YOU KNOW OUR PRESIDENT IS SERIOUS when he drops his “g”s off words ending in “ing.” That’s when he’s just folks. That’s when he breaks through the formality and levels with us, American to American. That’s the tip-off that this is the line in the speech that really matters.
I counted but one dropped “g” in the president’s State of the Union address on Tuesday night, and for all his protestations of setting a new tone, of seeking bipartisanship, of being kinder and gentler, it came in the speech’s one real attack line against the Democrats. “If there are people inside our country who are talkin’ with al Qaeda,” said the president, “we want to know about it, because we will not sit back and wait to be hit again.”
So much for the kinder-and-gentler crap. That’s the line that you’ll hear from George W. Bush as the midterm elections draw nigh. He and his party stand or fall on their reputation as tough guys. It’s the only reputation they have left. The polling makes clear that Americans don’t trust them to manage the economy, or fix their health coverage, or even run the war in Iraq. Americans (a bare majority, but that’s a lot more than on any other topic) trust them only to be ruthless, overreaching sons of bitches in protecting us against terrorists. It is, as Karl Rove has all but admitted, their last line of attack against the Democrats, who’ve sounded squeamish about the National Security Agency listening in on — well, we don’t know whom they’re listening in on — without a court order. This fall, we can expect to hear little else from a president likely to be floundering yet.
That’s still pretty thin gruel for his congressional allies. Think of the program the president just outlined: What’s there to campaign on? The last half of Bush’s speech was almost Clintonian in its abundance of discrete initiatives. In Clinton’s case, all those micro-initiatives were a contrast to a Gingrich-led Republican Party that wanted to dismantle everything. In Bush’s case, they mark a retreat to the high ground of platitudinous programs, from which little will come. Clinton was also able to summon genuine enthusiasm for his mini-ideas, while there was something inescapably perfunctory about Bush’s recitation of his own domestic program tonight. Bush may be nobody’s intellectual, but absent a big idea, he’s visibly bored.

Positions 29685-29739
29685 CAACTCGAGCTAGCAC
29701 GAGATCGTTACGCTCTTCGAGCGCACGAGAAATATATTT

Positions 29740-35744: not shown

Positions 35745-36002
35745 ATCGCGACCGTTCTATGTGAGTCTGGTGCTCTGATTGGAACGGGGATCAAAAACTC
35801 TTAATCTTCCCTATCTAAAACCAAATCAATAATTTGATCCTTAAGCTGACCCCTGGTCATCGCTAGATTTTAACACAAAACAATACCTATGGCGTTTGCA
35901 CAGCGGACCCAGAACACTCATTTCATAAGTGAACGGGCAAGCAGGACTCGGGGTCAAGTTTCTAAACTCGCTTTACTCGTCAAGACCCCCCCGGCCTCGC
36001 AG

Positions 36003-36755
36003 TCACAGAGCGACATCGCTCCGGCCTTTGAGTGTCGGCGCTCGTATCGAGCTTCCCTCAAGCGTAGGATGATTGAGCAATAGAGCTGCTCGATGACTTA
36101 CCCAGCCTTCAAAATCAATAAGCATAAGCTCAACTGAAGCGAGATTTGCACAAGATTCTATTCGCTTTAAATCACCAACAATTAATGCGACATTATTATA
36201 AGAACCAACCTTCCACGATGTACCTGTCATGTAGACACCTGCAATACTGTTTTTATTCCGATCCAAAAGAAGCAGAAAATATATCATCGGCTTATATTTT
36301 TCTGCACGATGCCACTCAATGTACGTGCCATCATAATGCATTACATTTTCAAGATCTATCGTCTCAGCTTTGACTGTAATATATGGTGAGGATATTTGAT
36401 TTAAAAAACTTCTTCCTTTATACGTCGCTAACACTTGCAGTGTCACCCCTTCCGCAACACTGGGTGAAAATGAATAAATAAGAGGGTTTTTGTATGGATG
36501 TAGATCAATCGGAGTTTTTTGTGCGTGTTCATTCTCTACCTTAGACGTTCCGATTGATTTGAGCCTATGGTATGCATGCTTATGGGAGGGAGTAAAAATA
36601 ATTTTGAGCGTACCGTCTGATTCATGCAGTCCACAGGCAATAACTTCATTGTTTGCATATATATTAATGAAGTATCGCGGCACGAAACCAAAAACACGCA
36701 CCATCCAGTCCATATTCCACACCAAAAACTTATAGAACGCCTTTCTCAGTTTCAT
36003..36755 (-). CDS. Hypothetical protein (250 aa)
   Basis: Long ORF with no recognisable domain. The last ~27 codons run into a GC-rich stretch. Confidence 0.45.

UCLA Bruins Men's Soccer vs. University of Akron Zips Men's Soccer
TicketsMon., Sep. 5, 5:00pm
UCLA Bruins Women's Soccer vs. North Carolina Tarheels Soccer
TicketsFri., Sep. 9, 7:00pm
Premium Seating: Los Angeles Angels v TEXAS RANGERS
TicketsFri., Sep. 9, 7:05pm
Los Angeles Angels vs. Texas Rangers
TicketsFri., Sep. 9, 7:05pm
Which doesn’t leave congressional Republicans with much to campaign on. My suspicion is that those Republican incumbents particularly spooked by the prospect of defeat will seize the anti-immigrant low ground that may prove disastrous for the party’s long-term prospects with Latino voters, but which worked for Pete Wilson and may just work for some of them. What else are Republicans supposed to run on, anyway? Their performance in office? The reconstruction of New Orleans? The success of the Medicare drug benefit? The economy? The war? Their ethics?